TOKYO, March 9 (UPI) -- Plutonium levels at Japan's Fukushima nuclear power plant aren't much higher than what is in the environment from Cold War-era nuclear tests, researchers say.
Researchers examining the area within a roughly 20-mile radius of the damaged plant found levels of radioactive plutonium were about double those from residual fallout from U.S. and former Soviet Union above-ground nuclear tests at the dawn of the Cold War, levels still well below representing any threat to humans, the Los Angeles Times reported.
The paper was published Thursday in the journal Scientific Reports, days before the anniversary of the March 11, 2011, earthquake and tsunami that struck northern Japan, causing thousands of deaths and widespread destruction.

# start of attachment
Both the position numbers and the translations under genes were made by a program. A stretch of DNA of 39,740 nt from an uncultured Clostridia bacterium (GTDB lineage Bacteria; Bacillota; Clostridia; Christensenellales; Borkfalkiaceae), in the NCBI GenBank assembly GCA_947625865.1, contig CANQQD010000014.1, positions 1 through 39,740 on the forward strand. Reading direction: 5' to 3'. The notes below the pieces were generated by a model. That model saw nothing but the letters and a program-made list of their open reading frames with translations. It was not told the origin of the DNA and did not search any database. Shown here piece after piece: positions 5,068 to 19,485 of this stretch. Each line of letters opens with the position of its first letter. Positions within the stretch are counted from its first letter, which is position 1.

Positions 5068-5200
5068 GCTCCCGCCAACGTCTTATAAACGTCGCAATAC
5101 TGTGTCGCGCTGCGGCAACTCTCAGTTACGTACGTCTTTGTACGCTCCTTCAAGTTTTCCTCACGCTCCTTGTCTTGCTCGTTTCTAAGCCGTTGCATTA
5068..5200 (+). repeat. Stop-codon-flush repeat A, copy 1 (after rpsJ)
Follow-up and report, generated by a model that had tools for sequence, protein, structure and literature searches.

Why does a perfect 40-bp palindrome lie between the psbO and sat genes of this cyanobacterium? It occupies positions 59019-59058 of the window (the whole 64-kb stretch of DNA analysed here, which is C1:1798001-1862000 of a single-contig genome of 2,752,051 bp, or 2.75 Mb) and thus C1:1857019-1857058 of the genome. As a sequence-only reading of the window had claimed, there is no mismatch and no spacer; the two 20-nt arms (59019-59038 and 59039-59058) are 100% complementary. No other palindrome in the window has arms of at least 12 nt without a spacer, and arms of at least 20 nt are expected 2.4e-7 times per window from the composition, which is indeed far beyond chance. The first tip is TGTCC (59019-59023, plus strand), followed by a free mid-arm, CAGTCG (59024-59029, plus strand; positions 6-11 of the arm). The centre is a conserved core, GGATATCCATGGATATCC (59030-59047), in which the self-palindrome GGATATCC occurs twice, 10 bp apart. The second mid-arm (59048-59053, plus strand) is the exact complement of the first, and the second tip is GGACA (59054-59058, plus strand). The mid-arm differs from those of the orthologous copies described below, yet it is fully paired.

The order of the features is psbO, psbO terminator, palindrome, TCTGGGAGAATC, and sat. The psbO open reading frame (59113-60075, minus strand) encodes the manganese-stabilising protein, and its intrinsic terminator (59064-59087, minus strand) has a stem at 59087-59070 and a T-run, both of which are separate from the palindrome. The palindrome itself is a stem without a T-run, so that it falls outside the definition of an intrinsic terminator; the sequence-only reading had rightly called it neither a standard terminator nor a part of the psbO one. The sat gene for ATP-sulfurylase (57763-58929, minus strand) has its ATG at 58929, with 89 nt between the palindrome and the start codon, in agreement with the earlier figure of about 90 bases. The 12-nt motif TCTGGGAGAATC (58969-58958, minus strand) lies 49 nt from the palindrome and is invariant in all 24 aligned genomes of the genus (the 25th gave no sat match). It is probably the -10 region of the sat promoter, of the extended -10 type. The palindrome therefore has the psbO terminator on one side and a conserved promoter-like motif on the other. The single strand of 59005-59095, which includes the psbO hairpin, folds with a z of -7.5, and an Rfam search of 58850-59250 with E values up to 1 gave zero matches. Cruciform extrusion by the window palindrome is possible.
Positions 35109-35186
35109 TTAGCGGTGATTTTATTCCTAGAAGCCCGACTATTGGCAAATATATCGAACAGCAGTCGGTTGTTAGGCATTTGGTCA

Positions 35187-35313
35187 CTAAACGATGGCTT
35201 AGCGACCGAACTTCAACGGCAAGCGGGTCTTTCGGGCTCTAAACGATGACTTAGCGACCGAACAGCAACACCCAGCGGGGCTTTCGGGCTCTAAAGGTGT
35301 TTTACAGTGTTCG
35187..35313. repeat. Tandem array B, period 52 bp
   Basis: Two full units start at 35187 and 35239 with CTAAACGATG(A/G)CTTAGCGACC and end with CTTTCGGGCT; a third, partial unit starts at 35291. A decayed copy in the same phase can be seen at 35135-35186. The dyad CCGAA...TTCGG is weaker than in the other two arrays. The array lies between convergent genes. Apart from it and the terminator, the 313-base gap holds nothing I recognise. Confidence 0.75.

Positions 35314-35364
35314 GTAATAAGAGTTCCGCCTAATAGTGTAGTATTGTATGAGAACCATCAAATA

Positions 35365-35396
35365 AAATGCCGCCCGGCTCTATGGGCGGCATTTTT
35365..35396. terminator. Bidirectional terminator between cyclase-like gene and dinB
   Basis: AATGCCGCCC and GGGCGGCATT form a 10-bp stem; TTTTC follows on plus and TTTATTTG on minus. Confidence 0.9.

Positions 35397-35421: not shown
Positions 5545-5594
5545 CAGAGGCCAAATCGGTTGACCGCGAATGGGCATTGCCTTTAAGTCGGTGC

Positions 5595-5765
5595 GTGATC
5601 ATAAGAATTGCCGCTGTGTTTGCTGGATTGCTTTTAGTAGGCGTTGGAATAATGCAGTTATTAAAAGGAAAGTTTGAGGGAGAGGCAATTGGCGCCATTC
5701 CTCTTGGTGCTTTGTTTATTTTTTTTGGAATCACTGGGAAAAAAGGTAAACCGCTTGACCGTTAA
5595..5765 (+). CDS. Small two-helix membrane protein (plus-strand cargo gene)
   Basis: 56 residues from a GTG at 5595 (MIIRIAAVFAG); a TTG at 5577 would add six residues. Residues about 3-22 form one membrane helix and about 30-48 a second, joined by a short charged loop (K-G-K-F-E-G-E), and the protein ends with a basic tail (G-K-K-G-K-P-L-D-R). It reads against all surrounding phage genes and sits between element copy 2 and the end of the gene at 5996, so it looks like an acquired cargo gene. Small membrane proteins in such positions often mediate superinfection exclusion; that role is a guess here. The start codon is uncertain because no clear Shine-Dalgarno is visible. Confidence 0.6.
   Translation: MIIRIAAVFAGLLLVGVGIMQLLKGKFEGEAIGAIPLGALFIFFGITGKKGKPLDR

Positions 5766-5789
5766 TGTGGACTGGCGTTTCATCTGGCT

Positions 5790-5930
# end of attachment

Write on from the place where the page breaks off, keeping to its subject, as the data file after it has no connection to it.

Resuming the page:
Lead author Jian Zheng of the National Institute of Radiological Sciences in Chiba, Japan, said the total amount of plutonium-241 released from the power plant was about 10,000 times less than that from the 1986 Chernobyl accident in Ukraine.
Other experts agreed.
"Fukushima was no Chernobyl," said Dale Klein, a former Nuclear Regulatory Commission chairman and co-author of a report on Fukushima for the American Nuclear Society.